I finally made it as far as Paterna where I came across this wonderful tower measuring 19 meters tall. It is a typical defensive tower built by the Arabs of which there are dozens of examples around the Community of Valencia. The exact date of its construction is unknown but probably from the 13th century (but rebuilt in 1967). While I was taking pictures of the tower I asked a passerby how I would go about getting to Godella. If I could just find the metro stop at Godella I would know my way around from there, more or less. He tried as best as he could to explain but it was obvious that it would e difficult to get there from Paterna on a bike. After humping up and down a couple of sizable hills I aborted the mission to Godella and started looking for a way back to Valencia.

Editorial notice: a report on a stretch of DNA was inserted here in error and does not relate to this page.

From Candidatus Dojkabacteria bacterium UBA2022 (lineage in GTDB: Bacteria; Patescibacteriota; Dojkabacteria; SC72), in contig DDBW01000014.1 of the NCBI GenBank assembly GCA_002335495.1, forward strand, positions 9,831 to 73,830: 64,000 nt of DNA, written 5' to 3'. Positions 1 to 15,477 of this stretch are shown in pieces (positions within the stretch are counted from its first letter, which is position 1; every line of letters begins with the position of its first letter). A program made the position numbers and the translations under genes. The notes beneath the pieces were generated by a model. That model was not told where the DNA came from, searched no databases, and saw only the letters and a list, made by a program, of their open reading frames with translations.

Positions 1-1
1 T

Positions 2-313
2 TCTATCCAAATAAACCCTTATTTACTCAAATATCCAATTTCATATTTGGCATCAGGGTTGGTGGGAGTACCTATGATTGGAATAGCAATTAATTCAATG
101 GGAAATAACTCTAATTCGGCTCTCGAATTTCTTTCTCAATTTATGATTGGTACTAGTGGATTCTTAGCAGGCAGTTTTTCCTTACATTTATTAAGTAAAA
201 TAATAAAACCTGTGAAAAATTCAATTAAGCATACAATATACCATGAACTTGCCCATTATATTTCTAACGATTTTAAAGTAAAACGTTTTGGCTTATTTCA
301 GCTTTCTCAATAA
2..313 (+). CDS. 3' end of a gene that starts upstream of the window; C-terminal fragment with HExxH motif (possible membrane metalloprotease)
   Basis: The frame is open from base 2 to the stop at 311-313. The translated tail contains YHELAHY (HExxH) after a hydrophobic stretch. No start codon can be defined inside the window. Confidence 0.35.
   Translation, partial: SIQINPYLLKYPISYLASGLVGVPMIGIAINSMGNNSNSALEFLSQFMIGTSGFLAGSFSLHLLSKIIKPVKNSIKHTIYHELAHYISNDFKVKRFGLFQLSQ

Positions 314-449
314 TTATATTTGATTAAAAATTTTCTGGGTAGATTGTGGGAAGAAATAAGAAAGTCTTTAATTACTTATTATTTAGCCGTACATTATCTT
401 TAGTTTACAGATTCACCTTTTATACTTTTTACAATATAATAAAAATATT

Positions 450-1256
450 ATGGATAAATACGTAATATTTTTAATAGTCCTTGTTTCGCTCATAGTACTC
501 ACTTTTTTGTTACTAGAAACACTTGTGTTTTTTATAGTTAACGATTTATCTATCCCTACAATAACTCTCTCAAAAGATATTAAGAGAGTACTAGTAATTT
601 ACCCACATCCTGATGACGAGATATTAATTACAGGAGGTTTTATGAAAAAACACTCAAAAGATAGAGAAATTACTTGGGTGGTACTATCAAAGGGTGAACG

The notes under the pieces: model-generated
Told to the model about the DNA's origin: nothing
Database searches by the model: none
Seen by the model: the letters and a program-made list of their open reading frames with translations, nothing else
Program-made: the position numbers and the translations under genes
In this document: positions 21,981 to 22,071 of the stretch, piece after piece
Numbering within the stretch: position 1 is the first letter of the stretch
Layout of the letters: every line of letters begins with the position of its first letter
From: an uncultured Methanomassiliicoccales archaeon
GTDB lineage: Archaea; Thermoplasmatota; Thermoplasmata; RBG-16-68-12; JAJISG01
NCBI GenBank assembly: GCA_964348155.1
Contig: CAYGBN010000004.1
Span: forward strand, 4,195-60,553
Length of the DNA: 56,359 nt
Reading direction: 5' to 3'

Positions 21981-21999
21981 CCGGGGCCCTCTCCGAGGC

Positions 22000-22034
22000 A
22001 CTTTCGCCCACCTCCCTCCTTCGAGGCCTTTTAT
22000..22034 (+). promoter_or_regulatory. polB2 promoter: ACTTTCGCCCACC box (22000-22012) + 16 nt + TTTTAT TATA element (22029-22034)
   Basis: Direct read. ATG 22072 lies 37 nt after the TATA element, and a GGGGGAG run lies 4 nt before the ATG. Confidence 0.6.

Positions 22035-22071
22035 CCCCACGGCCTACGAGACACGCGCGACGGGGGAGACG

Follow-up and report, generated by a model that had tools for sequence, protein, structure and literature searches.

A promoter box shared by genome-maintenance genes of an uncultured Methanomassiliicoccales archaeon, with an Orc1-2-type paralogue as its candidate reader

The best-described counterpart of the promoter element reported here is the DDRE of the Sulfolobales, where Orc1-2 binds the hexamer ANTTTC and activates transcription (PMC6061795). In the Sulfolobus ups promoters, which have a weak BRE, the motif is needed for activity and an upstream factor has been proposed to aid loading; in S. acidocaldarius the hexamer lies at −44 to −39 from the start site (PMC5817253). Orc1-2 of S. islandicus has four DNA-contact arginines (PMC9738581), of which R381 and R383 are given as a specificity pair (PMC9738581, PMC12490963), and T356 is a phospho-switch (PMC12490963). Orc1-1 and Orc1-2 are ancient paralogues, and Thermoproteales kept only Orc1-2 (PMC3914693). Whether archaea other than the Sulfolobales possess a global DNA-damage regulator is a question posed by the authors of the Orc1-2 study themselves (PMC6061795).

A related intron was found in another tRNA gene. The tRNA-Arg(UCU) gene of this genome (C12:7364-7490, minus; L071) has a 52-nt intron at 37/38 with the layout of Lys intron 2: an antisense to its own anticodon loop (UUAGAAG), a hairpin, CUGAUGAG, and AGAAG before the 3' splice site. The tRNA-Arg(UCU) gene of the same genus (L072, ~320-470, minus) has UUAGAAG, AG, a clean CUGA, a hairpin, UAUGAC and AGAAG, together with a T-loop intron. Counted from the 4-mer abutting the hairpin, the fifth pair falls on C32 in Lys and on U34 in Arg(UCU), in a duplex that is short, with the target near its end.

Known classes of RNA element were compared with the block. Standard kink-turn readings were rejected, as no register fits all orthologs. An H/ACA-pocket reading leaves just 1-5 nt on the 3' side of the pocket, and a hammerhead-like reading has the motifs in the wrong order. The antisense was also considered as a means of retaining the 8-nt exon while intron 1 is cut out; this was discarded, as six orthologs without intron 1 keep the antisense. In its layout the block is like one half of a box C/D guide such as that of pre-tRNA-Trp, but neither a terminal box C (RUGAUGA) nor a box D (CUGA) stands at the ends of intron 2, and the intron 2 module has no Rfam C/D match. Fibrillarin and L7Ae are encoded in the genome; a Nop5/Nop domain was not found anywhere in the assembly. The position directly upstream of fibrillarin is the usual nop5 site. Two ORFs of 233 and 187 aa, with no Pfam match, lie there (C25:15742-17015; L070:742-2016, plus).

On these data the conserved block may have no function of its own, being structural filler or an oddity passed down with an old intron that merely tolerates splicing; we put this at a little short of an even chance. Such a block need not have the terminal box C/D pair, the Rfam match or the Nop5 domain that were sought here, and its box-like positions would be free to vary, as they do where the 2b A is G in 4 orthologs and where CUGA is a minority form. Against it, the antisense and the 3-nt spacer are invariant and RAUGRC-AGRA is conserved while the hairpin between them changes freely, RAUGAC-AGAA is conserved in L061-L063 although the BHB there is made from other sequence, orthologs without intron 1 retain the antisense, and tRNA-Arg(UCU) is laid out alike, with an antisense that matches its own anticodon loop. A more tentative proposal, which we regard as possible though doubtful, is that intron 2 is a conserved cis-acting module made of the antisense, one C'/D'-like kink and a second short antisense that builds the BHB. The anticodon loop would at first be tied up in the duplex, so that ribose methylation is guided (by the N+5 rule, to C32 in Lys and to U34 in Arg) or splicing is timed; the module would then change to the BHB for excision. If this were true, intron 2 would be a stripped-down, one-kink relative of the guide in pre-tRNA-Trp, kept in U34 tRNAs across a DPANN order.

I will probably try again next Sunday but this time I’ll bring my hydro-pack and a map.

Wednesday, September 02, 2009

Moving Out

I received one month’s notice that I had to be out of my apartment. I moved three blocks away but it was a very long three blocks, especially the last twenty-five meters or so that consisted of five flights of tight stairs. If the stairs aren’t enough to kill you then try doing it during the last two weeks of August. I think this was the hottest it has been in my three summers in Valencia. Lucky me. Thank god the nightmare of moving is over…at least until I move again this month to another apartment that is up four flights of stairs. At least it should start to cool off a bit before I start humping stuff over to my new, new place.